Re: BIG Problem
- From: Paul <nospam@xxxxxxxxxx>
- Date: Fri, 11 Jun 2010 16:09:24 -0400
I took the mobo out of the case and placed it on cardboard. I applied AC power and was able to get the case power LED to glow in response to pressing the case power button. I still do not get (1) any beeps from the piezo-electric beeper (I can see the piezo on the mobo), (2) no movement of the CPU-mounted fan (3-wire connection to mobo for speed control), and (3) any output on the monitor. All of the above were true before and after I removed all connections to the mobo, other than the 20-pin and 4-pin power connectors as well as removal of the DDR2 memory sticks. The logical conclusion, as indicated by items (1) thru (3) above is that the CPU is NOT running -- since EACH of those items requires the CPU to execute BIOS code. Furthermore, I cleared the CMOS data by applying the jumper as per the manual's instructions, and also measured the CMOS battery voltage to be 3 volts. (I used a wrist strap connected to ground when working on the mobo.)
The processor I installed was an new Intel socket M Core-Duo processor T2450 (SLA4M). It is a PGA package device. The mobo supports a broad range of socket-M PGA CPUs, both single and dual core including a CeleronM. I don't think I have am using an incompatible CPU. Thus the question is: WHY ISN'T THE CPU RUNNING AND EXECUTING BIOS CODE? Observation: I do sense a very slight warmth under the CPU when the power is ON. All I definitely know is that the power supply provides the correct voltages to the mobo and the mobo's hardwired power-button & associate LED logic functions.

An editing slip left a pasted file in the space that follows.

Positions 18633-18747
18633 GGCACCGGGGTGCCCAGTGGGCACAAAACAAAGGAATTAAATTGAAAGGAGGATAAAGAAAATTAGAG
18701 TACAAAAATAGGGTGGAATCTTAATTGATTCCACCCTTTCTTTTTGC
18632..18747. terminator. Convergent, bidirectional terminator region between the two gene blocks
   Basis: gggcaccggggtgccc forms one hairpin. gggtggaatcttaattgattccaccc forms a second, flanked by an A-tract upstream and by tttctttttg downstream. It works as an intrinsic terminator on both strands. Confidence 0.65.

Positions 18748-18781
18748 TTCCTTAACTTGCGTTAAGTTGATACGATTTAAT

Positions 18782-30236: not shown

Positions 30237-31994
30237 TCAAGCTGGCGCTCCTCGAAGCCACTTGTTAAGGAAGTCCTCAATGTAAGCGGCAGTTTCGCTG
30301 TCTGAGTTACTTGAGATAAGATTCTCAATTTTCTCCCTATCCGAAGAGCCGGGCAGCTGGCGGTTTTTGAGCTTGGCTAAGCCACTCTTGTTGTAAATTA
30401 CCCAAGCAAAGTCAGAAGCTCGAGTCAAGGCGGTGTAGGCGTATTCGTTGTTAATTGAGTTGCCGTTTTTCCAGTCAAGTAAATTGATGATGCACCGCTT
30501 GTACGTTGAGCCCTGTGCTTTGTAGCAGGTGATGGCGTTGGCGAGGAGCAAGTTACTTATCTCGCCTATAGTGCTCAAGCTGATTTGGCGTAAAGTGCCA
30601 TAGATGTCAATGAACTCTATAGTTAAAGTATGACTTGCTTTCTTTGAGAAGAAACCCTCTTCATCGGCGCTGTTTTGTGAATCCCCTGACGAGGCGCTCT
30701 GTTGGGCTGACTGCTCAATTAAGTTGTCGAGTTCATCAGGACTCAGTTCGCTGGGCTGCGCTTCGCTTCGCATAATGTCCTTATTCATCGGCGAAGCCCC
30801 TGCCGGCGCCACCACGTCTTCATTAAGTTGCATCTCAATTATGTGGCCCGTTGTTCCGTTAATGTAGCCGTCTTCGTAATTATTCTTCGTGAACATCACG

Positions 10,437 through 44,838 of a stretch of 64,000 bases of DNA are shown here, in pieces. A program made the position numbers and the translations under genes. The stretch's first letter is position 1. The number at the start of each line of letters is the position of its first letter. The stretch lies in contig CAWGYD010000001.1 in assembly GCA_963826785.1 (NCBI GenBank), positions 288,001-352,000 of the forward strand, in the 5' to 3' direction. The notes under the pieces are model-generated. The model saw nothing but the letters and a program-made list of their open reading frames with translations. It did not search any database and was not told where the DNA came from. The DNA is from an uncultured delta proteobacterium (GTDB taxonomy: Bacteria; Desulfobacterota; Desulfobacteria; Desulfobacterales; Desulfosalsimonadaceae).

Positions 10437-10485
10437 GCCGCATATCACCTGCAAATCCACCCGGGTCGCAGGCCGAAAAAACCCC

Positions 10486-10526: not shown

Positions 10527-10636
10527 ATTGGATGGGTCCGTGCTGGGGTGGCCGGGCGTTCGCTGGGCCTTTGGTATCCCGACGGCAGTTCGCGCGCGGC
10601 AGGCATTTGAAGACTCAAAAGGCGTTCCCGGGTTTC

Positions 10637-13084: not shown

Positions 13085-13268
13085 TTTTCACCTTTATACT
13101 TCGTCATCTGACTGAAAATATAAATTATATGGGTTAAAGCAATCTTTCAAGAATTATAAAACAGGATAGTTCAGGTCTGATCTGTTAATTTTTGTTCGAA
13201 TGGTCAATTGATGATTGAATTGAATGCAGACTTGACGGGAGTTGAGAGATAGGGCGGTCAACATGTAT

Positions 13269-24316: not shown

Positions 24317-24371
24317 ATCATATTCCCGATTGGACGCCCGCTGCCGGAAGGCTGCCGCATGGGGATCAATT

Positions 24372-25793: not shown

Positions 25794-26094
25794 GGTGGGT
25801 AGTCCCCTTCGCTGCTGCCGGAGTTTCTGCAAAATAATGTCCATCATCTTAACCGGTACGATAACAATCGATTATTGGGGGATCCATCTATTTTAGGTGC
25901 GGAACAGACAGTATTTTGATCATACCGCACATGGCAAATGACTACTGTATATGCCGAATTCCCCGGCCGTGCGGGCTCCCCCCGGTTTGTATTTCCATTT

Could there be connection problems between the mounted CPU and the mobo socket? I guess I can remove and reinstall the CPU and heat-sink/fan to find out. Any other suggestions?
CPU-World says that processor is socket M and they provide this page with
information on the socket.
"Instead, the socket has a special actuator that needs to be turned
by about half-turn to lock or release the processor."
That is a zero insertion force (ZIF) socket, where instead of a lever to
work the contacts, a screw closes the contacts. You can see the lock screw
at one end of each socket picture.
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